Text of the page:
Movies often portray inner-city turmoil as caused by cycles of violence — systematic injustice breeding anger that manifests itself again and again in otherwise decent people, sending their communities into a downward spiral. The most interesting aspect of Pride is this thesis as manifested in the main character, a talented high school swimmer who hit a cop in a fit of rage during an attempt to eject him from a meet because of his race; years later, having returned to Philadelphia and converted a collapsing rec center into a home for a group of kids who will learn valuable life lessons (“Pride — Determination — Resilience”) through swimming, he nearly sends the whole operation crashing down by again lashing out in brutal violence against a local drug posse that threatens his new charges.

It’s a compelling notion, and one that allows for a fair bit of nuance: had Jim Ellis (Terrence Howard) remained a paragon of righteousness, it would have been easy to blame the drug dealer leeches and their ilk for the characters’ (and — why not? — society’s) problems and call it a day. By making its protagonist unwilling or unable to turn the other cheek, the aptly titled Pride draws its milieu in shades of gray. By making that unwillingness perfectly understandable, it makes the solution still harder to pin down.

Unfortunately, the movie still kind of sucks. It fails altogether to make the objects of Jim’s efforts — the b-ball-playing-punks-turned-breaststroking-virtuosos — believable or worthy of the adulation and affection that the film heaps on them. Some of the problem is in the casting, since under no circumstances are any of the actors in question anywhere near high school age, but Pride largely falls into a familiar inspirational teacher movie trap: it tries its best to make the teacher into a person, but is content to leave the students as mere stand-ins, subjects, concepts. We see Ellis risk life and limb to rescue Andre (Kevin Phillips) from the drug pusher’s grip, but there’s no sense that this is about Andre in any way; we’re meant to gape wide-eyed at Ellis’ heroism. Later, Ellis intones, “I believe in them so much; there’s so much they can do,” but the movie doesn’t even try to make us believe this.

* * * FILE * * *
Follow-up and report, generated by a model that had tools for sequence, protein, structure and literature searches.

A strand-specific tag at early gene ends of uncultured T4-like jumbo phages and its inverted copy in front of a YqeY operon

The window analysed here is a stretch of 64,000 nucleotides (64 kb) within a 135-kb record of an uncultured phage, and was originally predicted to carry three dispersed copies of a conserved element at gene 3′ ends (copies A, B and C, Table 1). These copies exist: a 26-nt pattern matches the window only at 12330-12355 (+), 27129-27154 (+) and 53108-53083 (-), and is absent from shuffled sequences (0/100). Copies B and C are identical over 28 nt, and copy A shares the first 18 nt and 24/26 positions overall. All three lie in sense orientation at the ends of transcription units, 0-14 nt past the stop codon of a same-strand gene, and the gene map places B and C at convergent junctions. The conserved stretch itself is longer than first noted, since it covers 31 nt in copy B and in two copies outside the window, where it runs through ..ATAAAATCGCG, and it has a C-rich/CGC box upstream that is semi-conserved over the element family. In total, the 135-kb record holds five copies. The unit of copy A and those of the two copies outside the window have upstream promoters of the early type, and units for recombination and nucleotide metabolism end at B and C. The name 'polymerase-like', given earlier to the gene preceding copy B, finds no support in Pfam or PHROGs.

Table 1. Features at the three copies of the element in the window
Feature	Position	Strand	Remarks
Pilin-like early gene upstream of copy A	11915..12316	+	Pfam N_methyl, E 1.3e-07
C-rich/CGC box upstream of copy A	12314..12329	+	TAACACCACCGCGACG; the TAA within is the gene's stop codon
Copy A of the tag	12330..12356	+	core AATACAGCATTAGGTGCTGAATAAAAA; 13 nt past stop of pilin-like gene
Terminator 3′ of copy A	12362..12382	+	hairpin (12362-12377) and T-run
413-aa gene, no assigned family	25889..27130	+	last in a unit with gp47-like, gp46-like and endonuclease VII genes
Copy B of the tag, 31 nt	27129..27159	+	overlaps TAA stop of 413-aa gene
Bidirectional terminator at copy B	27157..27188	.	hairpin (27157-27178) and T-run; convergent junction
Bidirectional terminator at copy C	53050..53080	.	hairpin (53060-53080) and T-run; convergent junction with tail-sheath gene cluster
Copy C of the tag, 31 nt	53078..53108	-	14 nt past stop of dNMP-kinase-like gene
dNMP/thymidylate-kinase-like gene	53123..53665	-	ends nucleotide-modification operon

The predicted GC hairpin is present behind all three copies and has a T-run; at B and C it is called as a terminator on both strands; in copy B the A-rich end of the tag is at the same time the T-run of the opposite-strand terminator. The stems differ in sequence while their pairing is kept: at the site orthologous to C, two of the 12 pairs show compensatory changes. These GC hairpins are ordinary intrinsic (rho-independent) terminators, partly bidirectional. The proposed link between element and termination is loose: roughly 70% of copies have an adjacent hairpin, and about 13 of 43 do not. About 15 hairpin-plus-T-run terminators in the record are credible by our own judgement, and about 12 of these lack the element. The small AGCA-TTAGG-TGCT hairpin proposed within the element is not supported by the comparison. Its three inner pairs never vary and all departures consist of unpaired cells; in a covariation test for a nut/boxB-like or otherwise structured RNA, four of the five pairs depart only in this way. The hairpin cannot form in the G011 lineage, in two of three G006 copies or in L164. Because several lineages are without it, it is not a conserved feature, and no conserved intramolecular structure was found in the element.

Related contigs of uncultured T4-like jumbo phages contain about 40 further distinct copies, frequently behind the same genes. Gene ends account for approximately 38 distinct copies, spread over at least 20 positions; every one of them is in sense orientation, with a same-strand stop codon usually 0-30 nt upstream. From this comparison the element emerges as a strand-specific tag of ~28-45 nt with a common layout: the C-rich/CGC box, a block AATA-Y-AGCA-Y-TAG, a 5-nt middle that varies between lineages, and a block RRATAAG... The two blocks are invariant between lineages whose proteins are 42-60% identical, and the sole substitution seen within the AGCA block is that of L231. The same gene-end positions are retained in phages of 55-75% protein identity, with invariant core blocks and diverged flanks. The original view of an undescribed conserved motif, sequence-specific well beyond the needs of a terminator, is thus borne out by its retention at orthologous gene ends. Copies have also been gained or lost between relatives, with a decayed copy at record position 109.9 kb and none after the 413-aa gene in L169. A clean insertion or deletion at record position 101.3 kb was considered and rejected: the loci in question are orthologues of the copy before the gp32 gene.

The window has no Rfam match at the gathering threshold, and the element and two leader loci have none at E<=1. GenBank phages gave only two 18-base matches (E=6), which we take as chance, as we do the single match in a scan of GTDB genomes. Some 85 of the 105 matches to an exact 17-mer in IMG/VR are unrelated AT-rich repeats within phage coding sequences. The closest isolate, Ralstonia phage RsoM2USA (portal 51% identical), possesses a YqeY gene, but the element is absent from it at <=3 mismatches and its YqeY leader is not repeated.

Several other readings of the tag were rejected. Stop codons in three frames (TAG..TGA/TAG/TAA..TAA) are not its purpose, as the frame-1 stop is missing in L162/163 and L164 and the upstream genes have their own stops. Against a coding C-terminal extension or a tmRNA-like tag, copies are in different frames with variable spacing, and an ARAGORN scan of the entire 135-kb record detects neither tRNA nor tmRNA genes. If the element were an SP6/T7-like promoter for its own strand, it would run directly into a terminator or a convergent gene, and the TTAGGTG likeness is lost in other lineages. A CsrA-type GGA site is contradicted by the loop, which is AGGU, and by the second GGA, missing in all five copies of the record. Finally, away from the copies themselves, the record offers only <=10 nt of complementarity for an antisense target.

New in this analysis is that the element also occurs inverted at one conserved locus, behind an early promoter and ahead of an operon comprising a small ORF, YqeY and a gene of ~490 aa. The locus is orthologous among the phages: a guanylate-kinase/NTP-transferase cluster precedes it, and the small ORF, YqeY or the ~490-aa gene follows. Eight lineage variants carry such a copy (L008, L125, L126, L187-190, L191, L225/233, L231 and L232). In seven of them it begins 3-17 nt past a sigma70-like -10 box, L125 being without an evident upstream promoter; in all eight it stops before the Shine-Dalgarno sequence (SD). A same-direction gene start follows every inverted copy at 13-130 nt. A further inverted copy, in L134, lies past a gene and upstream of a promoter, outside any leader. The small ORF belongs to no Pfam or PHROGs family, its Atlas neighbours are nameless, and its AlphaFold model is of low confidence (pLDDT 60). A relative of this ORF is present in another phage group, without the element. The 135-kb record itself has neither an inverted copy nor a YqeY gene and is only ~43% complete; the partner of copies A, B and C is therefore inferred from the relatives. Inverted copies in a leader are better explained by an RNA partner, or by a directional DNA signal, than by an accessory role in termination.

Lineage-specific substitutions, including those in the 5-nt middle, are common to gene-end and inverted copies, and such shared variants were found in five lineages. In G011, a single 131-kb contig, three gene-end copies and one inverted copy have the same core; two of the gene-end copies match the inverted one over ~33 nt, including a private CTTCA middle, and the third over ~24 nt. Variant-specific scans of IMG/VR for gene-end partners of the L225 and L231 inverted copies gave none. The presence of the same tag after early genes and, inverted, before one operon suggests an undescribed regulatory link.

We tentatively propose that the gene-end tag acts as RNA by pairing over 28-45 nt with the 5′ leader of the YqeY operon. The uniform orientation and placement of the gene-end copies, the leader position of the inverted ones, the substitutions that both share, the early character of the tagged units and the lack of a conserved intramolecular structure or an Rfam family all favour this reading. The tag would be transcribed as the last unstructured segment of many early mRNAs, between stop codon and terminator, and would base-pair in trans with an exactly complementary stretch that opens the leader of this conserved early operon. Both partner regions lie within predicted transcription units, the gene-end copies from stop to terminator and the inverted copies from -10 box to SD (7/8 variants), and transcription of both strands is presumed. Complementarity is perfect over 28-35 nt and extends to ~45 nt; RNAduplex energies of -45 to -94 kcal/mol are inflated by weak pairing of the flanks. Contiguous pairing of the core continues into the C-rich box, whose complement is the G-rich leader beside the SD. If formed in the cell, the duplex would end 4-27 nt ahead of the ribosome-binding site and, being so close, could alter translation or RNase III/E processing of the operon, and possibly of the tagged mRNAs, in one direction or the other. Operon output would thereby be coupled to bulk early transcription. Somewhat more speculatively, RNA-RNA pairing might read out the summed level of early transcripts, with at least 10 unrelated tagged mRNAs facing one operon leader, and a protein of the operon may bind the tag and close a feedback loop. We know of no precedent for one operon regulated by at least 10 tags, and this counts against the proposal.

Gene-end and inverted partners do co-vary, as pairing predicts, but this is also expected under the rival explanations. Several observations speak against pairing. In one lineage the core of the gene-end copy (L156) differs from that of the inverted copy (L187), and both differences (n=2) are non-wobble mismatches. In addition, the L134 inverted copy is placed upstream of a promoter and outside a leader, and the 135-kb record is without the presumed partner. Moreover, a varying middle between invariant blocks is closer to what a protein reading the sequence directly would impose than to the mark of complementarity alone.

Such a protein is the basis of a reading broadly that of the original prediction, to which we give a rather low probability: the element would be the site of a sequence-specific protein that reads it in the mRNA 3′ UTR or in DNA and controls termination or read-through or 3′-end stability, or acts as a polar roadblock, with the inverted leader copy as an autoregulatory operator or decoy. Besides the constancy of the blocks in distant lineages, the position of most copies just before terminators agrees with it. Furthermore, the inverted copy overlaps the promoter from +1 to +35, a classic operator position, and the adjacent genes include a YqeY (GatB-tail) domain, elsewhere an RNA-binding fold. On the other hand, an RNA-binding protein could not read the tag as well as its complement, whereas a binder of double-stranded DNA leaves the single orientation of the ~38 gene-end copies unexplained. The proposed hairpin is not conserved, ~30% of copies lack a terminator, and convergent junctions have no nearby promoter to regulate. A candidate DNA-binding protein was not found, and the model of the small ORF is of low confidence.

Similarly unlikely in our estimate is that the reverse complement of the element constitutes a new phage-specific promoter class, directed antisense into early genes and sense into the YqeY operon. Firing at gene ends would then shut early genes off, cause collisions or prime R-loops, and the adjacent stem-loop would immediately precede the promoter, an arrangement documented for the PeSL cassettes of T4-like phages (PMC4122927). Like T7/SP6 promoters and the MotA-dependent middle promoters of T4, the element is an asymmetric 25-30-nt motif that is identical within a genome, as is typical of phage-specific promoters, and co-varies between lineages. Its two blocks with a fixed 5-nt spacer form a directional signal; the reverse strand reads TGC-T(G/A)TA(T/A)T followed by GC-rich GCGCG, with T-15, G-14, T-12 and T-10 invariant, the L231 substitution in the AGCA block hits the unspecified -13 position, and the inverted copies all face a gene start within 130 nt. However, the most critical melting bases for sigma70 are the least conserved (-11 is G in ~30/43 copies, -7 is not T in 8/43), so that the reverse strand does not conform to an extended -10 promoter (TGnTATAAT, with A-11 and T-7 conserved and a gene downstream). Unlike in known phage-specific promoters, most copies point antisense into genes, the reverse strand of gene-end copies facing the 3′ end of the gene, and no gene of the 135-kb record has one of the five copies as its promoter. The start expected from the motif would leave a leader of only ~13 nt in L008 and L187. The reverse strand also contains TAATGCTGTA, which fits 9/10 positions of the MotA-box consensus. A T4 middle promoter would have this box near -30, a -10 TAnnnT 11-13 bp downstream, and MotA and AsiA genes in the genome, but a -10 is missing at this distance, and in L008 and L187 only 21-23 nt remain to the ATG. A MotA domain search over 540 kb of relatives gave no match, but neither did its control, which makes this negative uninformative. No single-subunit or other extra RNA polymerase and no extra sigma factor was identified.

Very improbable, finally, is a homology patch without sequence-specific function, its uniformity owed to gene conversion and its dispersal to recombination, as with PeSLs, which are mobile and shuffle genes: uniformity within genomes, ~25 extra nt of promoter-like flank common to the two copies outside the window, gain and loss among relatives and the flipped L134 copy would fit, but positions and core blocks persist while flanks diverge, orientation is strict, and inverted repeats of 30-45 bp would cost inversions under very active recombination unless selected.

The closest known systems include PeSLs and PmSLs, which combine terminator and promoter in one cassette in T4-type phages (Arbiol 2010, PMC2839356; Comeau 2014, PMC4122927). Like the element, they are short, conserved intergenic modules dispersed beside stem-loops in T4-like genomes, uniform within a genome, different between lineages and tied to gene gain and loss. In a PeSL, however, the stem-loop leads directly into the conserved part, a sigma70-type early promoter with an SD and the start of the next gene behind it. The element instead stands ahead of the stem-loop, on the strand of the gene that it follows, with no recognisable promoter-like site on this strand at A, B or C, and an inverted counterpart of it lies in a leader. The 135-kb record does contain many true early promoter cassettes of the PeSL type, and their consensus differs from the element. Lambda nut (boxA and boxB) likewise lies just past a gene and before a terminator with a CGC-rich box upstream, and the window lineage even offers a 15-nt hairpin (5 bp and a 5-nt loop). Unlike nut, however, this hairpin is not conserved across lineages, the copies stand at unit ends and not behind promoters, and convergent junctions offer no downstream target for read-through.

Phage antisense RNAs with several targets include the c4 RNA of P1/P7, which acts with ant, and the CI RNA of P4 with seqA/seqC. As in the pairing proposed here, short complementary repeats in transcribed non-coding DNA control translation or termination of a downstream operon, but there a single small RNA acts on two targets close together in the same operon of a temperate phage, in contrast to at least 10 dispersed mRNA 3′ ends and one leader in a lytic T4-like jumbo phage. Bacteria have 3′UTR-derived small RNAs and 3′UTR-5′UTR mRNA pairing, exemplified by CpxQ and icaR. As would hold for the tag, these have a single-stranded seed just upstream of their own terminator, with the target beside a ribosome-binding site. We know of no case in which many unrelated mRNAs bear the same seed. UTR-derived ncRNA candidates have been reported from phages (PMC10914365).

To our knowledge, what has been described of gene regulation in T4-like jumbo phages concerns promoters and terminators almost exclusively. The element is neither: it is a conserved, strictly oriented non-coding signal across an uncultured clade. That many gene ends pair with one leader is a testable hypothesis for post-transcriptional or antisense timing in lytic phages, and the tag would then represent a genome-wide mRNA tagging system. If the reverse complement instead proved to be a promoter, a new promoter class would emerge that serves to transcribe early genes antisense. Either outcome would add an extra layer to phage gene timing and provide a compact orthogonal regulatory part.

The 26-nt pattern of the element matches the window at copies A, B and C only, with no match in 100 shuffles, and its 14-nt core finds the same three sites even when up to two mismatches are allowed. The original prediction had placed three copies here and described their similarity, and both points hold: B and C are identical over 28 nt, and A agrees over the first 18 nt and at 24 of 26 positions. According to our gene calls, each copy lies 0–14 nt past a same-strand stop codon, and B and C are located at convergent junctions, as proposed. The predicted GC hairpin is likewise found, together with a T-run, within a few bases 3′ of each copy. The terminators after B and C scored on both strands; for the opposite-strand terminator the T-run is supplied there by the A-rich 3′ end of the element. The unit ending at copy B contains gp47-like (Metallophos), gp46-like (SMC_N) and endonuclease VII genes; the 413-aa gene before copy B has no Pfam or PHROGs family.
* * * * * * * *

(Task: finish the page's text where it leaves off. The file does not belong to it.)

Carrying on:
First-time director Sunu Gonera and his battalion of screenwriters also have a beginner’s flair for ruining nice moments with sickly-sweet excess. At one point, the mean-spirited team of white kids, coached by the smarmy Tom Arnold, refuses to compete at the rec center meet, and the way our heroes initially handle this is courageous, dignified, and right — until the film decides to take the scene to the next inspirational-sports-movie level and spin out something cheesy, implausible, with a rotten aftertaste. The “big moments” here are the worst.

The same sort of disappointing dynamic appears again in the final scenes. The climax begins promisingly, with Ellis banished outside of the pool and the kids — finally — having to take the lead. Ellis’ nervous, helpless pacing adds a layer of suspense that would otherwise be missing from the generic proceedings, at least until Pride busts out the “biggest heart” clichés and concludes in the most banally victorious manner possible.

The end credits run over shots of the real Jim Ellis, still doing his thing in inner-city Philly. Even in this poorly-made, disappointing film, he comes off as interesting, with a good heart under a gloss of fiery impatience. Pride seems fascinated with him too, but to the exclusion of everything else that would have made it a worthwhile rendition of the formula. Too bad.


Seeking in movies meaning and reflection in real-time. On the look out for biography, thriller & drama best pieces.

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